In the 2002 general election -- of which this year's contest is a rematch -- Michaud defeated Raye, 52 percent to 48 percent.
MICHAUD IN CONGRESS
In Washington, Michaud encountered an environment far more partisan than Augusta had been. As a vulnerable first-term congressman, Michaud says, he quickly learned Republicans had received orders not to pass anything he sponsored. Instead, he worked closely with the chair of the veterans affairs committee, Chris Smith, R-N.J., to get laws enacted. "I didn't care if it had my name on it or not, as long as we got it passed and made a difference for veterans," Michaud says.
"When Democrats took control, it was the same thing," he adds, recalling being questioned by more senior Democrats as to why he was hearing Republican-sponsored bills while chair of the health care subcommittee on veterans.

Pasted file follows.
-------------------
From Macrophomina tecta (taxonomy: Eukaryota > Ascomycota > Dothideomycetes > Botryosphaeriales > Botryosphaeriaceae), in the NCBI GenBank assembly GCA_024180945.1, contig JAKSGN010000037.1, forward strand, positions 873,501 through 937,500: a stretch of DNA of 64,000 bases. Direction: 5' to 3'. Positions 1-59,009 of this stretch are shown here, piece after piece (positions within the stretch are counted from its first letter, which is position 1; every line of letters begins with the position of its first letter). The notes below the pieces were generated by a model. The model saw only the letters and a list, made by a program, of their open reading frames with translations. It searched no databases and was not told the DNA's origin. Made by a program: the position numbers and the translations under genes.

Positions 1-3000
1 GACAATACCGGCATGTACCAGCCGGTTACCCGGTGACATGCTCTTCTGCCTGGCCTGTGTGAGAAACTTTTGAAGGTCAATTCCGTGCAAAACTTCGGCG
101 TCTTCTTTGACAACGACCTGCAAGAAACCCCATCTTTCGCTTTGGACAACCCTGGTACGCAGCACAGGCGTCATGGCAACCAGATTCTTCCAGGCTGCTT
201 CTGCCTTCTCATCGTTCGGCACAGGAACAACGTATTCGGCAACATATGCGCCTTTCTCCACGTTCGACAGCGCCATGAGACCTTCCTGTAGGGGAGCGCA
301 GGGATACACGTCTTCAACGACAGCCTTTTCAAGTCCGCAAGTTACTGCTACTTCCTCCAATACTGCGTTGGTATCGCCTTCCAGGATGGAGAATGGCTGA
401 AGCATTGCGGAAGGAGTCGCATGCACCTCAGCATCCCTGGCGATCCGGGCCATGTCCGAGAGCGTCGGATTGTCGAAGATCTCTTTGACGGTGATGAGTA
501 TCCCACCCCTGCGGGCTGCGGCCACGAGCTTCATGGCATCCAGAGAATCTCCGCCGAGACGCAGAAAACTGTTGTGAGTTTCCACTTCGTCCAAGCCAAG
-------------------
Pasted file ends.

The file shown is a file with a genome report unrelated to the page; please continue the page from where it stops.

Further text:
"I said: well, because they might have a good idea," he says. "I don't care whose bill it is, I want to move things forward."
Michaud has championed veterans issues and efforts to clamp down on unfair trade practices, including alleged currency manipulation by China and South Korea.
MUSTARD, STATE HOUSE, CONGRESSIONAL REMATCH
Since the 2002 race, Raye has served four terms representing Washington and eastern Hancock counties in the state Senate.
In 2005, he and his wife became manufacturers, taking over the family's mustard mill, Raye's Mustard, allegedly the last traditional stone-grinding mustard operation in the country.